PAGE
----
“When I got to the top step,” Strasburg said, red-faced and smiling again after the game, of when he realized he had to break it down a bit. “And to be honest, it was pretty nerve-racking. I didn’t really have anything. I’m not a big dancer to begin with.”
“Did he say when the last time he danced was?” Ryan Zimmerman asked with a straight face. “Stras isn’t much of a dancer. His wedding might have been the last time he danced.”
Strasburg — the pitcher, the hitter, the shameless dancer — had his fingerprints all over Washington’s most important victory of the season to date, pulling it within 5½ games of the Braves atop the National League East. He started an eight-run third inning with a single, scored from first on an Adam Eaton triple, then cleared the bases with that three-run shot off Touki Toussaint — all in the same frame. He added a two-run single in the fifth and finished 3 for 3 with a career-high five RBI and his first home run since 2017. And in his usual role, Strasburg allowed three runs and struck out seven in 5⅓ innings for his NL-leading 12th win.
For as well as the Nationals have played in the past eight weeks — and, at 32-13, they have been the best team in baseball since May 24 — they had gained little ground on the Braves. They were 8½ games back a month ago, floating in third behind the Braves and Philadelphia Phillies, fighting to be relevant again. But Washington entered this series still 6½ back, having inched only into second place, because Atlanta has been nearly as hot.
The Nationals’ surge has revived their season, put them atop the NL wild-card standings and made the division title a reasonable target after it once seemed entirely out of range. The Braves’ surge, timed to the exact same beat, has kept them in control of what could be a two-team race down the stretch. This was the first of 14 second-half meetings between these clubs. The Nationals can finally take direct aim at the team they have been chasing only from afar.
And they took advantage quickly Thursday. Strasburg made sure of that.
“Stephen wasn’t as sharp as he could be, but, man, he swung the bat really well,” Manager Dave Martinez said. “Might be a pinch hitter coming up here the rest of these games.”
Strasburg’s night started on the mound, naturally, and he gave up a first-inning run on a Freddie Freeman RBI single. But he escaped a first-and-third jam in that inning and had five strikeouts by the end of the second. Then came the explosion in the third, starting with Strasburg’s lined single, ending when he launched a 420-foot blast over Washington’s bullpen in left.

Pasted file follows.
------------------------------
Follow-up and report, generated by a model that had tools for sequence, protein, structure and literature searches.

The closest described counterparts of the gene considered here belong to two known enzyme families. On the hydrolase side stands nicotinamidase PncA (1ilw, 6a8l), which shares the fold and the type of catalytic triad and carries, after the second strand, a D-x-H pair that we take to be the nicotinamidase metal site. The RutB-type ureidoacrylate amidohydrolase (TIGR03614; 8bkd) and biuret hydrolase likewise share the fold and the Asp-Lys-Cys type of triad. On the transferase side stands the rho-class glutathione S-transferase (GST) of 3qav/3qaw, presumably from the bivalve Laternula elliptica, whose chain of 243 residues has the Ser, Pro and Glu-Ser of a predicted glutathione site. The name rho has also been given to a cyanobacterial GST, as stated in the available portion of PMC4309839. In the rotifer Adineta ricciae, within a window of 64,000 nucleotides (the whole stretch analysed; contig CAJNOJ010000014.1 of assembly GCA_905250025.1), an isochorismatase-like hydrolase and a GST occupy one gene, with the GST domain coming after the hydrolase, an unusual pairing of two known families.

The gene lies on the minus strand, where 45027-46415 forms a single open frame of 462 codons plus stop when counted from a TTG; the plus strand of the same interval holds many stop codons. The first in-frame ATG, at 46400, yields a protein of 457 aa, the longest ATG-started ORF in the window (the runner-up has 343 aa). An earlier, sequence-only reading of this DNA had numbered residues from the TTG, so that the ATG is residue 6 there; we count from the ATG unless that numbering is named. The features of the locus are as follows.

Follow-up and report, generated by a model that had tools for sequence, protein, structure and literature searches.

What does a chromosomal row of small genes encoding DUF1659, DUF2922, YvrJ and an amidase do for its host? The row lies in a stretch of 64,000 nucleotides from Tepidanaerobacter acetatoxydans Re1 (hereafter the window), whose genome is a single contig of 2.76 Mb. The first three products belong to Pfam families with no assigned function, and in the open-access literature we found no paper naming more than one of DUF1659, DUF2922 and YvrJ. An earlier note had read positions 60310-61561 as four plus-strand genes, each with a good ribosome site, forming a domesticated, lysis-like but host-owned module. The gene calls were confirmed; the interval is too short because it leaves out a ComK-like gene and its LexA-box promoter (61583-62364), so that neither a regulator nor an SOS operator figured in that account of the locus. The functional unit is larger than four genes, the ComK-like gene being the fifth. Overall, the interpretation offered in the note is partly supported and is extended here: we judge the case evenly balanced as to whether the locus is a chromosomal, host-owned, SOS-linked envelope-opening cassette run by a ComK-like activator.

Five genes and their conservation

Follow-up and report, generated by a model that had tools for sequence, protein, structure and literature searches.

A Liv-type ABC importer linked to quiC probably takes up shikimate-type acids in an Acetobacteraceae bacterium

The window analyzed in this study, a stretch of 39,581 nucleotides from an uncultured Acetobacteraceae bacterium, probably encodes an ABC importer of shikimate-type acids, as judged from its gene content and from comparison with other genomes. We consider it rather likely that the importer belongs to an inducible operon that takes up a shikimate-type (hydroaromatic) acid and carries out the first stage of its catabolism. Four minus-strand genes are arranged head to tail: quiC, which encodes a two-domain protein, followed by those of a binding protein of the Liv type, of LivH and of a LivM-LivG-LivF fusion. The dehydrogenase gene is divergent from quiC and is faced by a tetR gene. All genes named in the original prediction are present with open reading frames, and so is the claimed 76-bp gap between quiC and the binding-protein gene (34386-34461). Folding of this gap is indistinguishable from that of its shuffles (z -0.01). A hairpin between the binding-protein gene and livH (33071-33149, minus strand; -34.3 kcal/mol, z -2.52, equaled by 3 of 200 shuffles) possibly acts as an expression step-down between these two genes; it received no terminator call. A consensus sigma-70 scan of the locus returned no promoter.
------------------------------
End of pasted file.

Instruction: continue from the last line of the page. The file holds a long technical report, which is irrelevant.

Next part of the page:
In between, the Nationals bullied 23-year-old Kyle Wright until he was pulled after 64 pitches. Strasburg led off with his first hit, Eaton tripled him in one out later, then Anthony Rendon nudged the Nationals ahead with an RBI double. Next Wright’s command slipped, leading to three walks in four at-bats, and Victor Robles ended his start with a two-run ground-rule double to left.
That led Braves Manager Brian Snitker to call on Toussaint for long relief. His first pitch was a fastball high and tight, forcing Strasburg to jerk his hands away from danger. His second caught a little too much of the plate, right on the inside edge, and Strasburg feasted. The 30-year-old earned a Silver Slugger award in 2012 when he finished with one home run, seven RBI and a .277 batting average. He hit two more homers in 2017 to up his career total to three — but he had never had an inning or game like this at the plate.
“Obviously my focus is going out there and trying to keep the other team at bay,” Strasburg said. “But sometimes you just run into the ball. I’ve always been told that a swinging bat’s a dangerous one. So I was just able to connect on one.”
Once the home run cleared the fence, leading the crowd into one big groan, Strasburg became the first pitcher in franchise history to collect two hits in an inning. With his single in the fifth, he became the first pitcher since 2014 to have five RBI in a game. He could only shake his head, a slight grin on his face, once he settled in at first base. Then he got through 5⅓ innings, allowing eight hits and wilting at the end, before the bullpen covered the final 11 outs while allowing one run. The Nationals added three more in a pull-away eighth.
But the lasting moment will be Strasburg bubbling with joy in the false privacy of Washington’s dugout. It has become tradition for the Nationals to punctuate each home run with a small dance party. So Gerardo Parra, wearing pink-tinted glasses, clapped to give Strasburg a rhythm to follow. And Aníbal Sánchez, wearing orange-tinted glasses, jumped and yelled at the ceiling.
And nothing could be wrong then because Stephen Strasburg — serious, stoic, stone-faced Stephen Strasburg — had forgotten who he was. Or he simply didn’t care. He gave himself no other choice.
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